Penn State football doesn’t stop Saturday — there are plenty of Nittany Lions playing on Sundays, too.
Twenty-four Penn State alumni are currently on active NFL rosters, four are on injured reserve, and another five earned practice roster spots. So, every week at the Centre Daily Times, we’ll highlight some of those players, whether it’s top plays, top performances, or however we can best sum up PSU’s NFL showing.
After Week 1, we’re looking at the season opener’s top performers, ranked from 1-5. Take a look:
1. RB Saquon Barkley, New York Giants
First career touchdown? Check. First career 100-yard rushing performance? Check. Impressing the entire NFL nation in your career debut? Check.
Barkley was bottled up for much of the first half against the Jacksonville Jaguars. But Penn State fans know that he can break one at any moment — and he did just that in the second half. In the final quarter, Barkley avoided four would-be tacklers off the right tackle and sprinted for a 68-yard touchdown run.
“It was a great run,” Giants coach Pat Shurmur said after the game. “That’s why we drafted that young man.”
Barkley finished his first-ever NFL regular season game with 18 carries for 106 yards and a touchdown. He also had two receptions for 22 yards, although the Giants lost 20-15.
2. WR Chris Godwin, Tampa Bay Buccaneers
Godwin started his sophomore season with three catches for 41 yards in a wild 48-40 win over the New Orleans Saints. On paper, not a crazy stat line.
But Godwin stood out in the opportunities he had.
In the first quarter, the Rose Bowl star snagged a one-handed catch over the middle. And before halftime, Godwin bodied Saints cornerback Ken Crawley for a 9-yard, tip-toe touchdown grab.
Godwin — whose receiving yards over the second half of last season ranked second to only Mike Evans in Tampa Bay — could be in for a breakout 2018.
“I think (his) reputation in our building is already growing,” Tampa Bay coach Dirk Koetter told The Athletic prior to the season opener. “Chris is doing all the things he needs to be doing right now to be a really good player in this league.”
3. LT Donovan Smith, Tampa Bay Buccaneers
It’s difficult for an offensive lineman to get noticed among a field of 23 other active NFL-playing Penn State alumni. But there was never a question about Smith this week.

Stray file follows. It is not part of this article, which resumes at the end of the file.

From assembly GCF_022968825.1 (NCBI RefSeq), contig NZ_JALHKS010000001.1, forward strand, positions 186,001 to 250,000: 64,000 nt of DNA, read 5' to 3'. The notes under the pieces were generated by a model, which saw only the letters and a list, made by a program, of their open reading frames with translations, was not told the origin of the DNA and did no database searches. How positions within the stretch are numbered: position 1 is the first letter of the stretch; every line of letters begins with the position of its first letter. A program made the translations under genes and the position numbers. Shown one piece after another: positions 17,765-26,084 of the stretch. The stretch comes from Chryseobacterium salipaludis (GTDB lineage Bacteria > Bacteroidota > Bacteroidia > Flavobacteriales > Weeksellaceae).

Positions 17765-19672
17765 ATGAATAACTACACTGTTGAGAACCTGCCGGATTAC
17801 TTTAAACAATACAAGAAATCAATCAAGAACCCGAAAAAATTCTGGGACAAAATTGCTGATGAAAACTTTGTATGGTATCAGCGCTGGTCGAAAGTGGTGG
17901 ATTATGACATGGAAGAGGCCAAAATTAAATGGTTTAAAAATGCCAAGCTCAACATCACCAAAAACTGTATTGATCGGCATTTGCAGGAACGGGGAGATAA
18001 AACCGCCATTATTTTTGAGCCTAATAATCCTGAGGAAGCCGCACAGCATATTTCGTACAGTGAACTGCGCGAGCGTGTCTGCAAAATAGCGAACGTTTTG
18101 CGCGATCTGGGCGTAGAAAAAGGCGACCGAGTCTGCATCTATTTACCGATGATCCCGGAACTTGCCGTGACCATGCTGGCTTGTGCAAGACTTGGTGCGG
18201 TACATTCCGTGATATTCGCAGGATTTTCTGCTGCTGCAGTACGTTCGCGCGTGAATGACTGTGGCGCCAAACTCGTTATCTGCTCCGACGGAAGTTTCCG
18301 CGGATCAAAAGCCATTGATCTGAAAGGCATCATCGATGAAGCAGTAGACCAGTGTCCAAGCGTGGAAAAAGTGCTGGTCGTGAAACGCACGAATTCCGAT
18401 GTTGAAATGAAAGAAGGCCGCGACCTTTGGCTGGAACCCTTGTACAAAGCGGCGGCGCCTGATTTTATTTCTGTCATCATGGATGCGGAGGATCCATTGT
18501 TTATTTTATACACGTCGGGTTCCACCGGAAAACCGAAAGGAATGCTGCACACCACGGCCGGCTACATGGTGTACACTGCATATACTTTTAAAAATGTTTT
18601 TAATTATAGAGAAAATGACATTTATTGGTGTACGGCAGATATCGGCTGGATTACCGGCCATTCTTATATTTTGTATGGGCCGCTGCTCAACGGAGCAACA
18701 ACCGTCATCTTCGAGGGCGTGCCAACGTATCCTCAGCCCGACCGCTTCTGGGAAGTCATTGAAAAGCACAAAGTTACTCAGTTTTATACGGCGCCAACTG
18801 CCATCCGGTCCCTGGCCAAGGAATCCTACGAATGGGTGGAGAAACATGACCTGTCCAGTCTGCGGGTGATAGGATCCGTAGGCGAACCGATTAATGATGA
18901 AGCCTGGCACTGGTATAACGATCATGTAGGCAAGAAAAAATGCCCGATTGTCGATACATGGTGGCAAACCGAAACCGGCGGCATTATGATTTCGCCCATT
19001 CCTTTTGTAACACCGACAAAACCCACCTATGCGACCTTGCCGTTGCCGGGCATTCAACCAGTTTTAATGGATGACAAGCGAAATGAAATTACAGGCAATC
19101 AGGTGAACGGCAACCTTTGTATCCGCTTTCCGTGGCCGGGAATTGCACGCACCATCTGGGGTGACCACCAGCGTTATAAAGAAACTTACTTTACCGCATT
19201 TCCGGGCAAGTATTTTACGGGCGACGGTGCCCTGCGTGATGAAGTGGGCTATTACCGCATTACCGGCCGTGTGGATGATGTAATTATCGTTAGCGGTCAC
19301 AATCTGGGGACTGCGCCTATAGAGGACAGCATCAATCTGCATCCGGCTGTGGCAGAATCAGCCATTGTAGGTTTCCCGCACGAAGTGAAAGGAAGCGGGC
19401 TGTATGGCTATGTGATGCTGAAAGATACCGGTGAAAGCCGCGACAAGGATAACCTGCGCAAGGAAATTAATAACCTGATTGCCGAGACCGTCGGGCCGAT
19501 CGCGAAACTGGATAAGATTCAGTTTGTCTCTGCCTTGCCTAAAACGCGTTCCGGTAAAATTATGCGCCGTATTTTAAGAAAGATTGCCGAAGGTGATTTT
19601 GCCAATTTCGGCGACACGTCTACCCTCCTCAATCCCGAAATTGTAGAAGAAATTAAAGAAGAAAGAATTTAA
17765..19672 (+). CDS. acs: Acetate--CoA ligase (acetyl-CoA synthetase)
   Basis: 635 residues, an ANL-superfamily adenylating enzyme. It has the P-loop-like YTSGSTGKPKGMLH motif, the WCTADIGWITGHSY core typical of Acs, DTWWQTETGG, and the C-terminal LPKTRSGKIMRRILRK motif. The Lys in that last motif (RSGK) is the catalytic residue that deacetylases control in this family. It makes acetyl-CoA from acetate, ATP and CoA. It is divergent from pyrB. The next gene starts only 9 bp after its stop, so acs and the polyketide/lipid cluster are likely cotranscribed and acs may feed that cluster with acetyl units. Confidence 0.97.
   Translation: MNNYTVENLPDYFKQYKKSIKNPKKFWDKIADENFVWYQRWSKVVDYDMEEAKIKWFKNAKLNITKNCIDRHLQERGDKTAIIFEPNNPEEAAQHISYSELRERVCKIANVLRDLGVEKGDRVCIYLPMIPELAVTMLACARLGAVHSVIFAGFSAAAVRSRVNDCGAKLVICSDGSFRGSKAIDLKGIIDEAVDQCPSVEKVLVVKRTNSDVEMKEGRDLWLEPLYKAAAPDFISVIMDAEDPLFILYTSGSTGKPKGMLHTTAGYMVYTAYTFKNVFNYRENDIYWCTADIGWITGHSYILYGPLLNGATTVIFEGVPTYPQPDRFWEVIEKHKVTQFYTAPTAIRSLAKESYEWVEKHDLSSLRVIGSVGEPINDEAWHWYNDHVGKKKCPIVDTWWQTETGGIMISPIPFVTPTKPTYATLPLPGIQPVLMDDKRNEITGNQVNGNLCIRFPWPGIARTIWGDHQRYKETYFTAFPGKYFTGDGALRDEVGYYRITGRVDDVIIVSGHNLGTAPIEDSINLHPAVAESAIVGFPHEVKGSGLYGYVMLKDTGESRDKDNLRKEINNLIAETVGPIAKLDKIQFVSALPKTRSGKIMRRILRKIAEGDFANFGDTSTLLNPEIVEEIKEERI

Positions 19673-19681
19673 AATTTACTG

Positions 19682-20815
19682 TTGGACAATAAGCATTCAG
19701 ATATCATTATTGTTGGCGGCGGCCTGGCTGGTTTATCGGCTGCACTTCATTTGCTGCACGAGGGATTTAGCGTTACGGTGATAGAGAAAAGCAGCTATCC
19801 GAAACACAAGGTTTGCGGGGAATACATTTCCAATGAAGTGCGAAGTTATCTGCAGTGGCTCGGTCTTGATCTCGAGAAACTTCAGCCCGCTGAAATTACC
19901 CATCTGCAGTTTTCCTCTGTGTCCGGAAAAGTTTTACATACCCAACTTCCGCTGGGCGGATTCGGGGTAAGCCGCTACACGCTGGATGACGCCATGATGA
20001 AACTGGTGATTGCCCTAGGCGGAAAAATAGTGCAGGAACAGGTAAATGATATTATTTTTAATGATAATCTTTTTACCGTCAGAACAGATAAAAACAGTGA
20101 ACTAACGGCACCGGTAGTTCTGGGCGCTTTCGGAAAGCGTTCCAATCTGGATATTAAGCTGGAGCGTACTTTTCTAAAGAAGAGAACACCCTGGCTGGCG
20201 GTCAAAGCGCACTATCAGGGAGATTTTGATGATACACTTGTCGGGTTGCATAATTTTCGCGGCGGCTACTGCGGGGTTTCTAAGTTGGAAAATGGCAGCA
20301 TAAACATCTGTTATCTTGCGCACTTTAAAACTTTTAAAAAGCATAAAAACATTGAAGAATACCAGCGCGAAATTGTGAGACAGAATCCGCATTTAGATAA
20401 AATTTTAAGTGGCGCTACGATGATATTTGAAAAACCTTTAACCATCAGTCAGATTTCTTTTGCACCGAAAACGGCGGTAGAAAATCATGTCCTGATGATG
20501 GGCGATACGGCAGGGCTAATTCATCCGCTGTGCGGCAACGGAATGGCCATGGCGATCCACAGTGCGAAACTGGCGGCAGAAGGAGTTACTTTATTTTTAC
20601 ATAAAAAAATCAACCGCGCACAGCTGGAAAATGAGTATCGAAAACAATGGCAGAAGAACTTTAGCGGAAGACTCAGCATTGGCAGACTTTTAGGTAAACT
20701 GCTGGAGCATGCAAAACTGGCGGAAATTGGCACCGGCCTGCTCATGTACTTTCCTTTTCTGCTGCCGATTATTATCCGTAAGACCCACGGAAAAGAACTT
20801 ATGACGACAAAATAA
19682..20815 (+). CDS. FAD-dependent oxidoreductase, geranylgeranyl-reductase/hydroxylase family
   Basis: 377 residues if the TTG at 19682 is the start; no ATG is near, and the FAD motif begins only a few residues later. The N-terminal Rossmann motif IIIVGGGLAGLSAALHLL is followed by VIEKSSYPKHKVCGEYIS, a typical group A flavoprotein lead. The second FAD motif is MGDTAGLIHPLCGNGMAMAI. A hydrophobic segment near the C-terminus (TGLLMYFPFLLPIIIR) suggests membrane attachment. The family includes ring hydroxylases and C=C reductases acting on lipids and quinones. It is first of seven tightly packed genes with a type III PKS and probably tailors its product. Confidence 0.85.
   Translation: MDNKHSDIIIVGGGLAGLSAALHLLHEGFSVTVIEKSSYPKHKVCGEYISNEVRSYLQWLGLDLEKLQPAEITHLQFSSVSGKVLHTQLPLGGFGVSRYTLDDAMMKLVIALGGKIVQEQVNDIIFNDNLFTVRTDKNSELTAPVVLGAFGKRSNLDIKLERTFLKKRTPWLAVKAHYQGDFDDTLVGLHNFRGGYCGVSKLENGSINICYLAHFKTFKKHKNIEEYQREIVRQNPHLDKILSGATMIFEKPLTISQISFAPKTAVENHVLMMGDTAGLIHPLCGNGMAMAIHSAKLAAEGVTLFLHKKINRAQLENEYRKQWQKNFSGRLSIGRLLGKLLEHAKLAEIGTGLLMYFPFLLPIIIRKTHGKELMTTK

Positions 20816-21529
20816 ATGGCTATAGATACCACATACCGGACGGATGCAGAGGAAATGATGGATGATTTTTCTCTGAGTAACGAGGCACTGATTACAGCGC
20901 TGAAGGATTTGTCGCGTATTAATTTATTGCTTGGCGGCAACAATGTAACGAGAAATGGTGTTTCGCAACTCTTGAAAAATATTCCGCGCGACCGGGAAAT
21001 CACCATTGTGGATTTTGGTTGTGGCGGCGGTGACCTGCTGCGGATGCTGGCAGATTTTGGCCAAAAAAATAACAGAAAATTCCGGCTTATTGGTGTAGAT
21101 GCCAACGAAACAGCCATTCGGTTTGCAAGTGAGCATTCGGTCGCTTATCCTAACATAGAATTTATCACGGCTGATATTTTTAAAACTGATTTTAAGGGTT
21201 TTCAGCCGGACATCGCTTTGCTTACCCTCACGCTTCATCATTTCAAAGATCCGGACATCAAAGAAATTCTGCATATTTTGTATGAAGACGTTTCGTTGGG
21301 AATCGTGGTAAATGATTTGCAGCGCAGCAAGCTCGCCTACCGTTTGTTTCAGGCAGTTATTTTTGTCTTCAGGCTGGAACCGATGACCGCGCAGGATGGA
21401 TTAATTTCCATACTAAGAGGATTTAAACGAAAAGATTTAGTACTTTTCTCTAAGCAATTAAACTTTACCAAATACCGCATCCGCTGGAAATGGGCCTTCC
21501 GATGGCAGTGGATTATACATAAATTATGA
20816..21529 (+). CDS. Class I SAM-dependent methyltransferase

Smith, who was still limited in Thursday’s practice with a sprained knee, got it together just in time for Sunday’s game against the New Orleans Saints. Although he wasn’t perfect — he did have a block in the back — he was still, overall, solid.
He protected QB Ryan Fitzpatrick’s blindside, kept him clean and helped spring him to a career day. Fitzpatrick wasn’t sacked once, and he finished with a near-perfect QBR of 97.1. He was 21 of 28 for 417 yards, four touchdowns and no interceptions.
The Bucs have next-to-no depth on the offensive line. And if Smith didn’t play Sunday, the 48-40 Bucs win might not have come to fruition.
4. S Adrian Amos, Chicago Bears
Despite Chicago’s fourth-quarter collapse, it was a nice night for the budding safety. Amos racked up six tackles, all of which were solo stops, in the Bears’ 24-23 loss to Aaron Rodgers’ heroics.
That performance bolsters Amos’ “secret superstar” status.
In 2017, Amos was graded by Pro Football Focus as the league’s third-best safety, behind only Minnesota’s Harrison Smith and Los Angeles Rams Lamarcus Joyner. His 92.0 rating put him ahead of Earl Thomas, Landon Collins, Malcolm Jenkins and other stars.
According to PFF, Amos ranked second in yards allowed per reception (7.1) among qualified safeties. He also held opponents to 3.50 yards after the catch, which was fifth-best among safeties with at least 25 targets.
Entering his fourth season in the NFL, Amos — a fifth-round pick in 2015 — has a chance to become a household name.
5. WR Allen Robinson, Chicago Bears
In Robinson’s first game since tearing his ACL 364 days before, the former Jacksonville Jaguar introduced himself to a new fan base.
Late in the first quarter, Bears quarterback Mitchell Trubisky put one up for Robinson — a jump-ball machine at Penn State — and he dominated first-round rookie cornerback Jaire Alexander in the air. Robinson ripped down the 33-yard catch, and later on the drive, the wideout caught a 13-yarder that set up Cody Parkey’s field goal.
Robinson disappeared a little bit in the second half, as did most of the Bears’ offense.
But the Nittany Lions’ single-season receptions leader showed why he was the NFL’s receiving touchdowns co-leader in 2015. Robinson and contested catches are a match made in football heaven.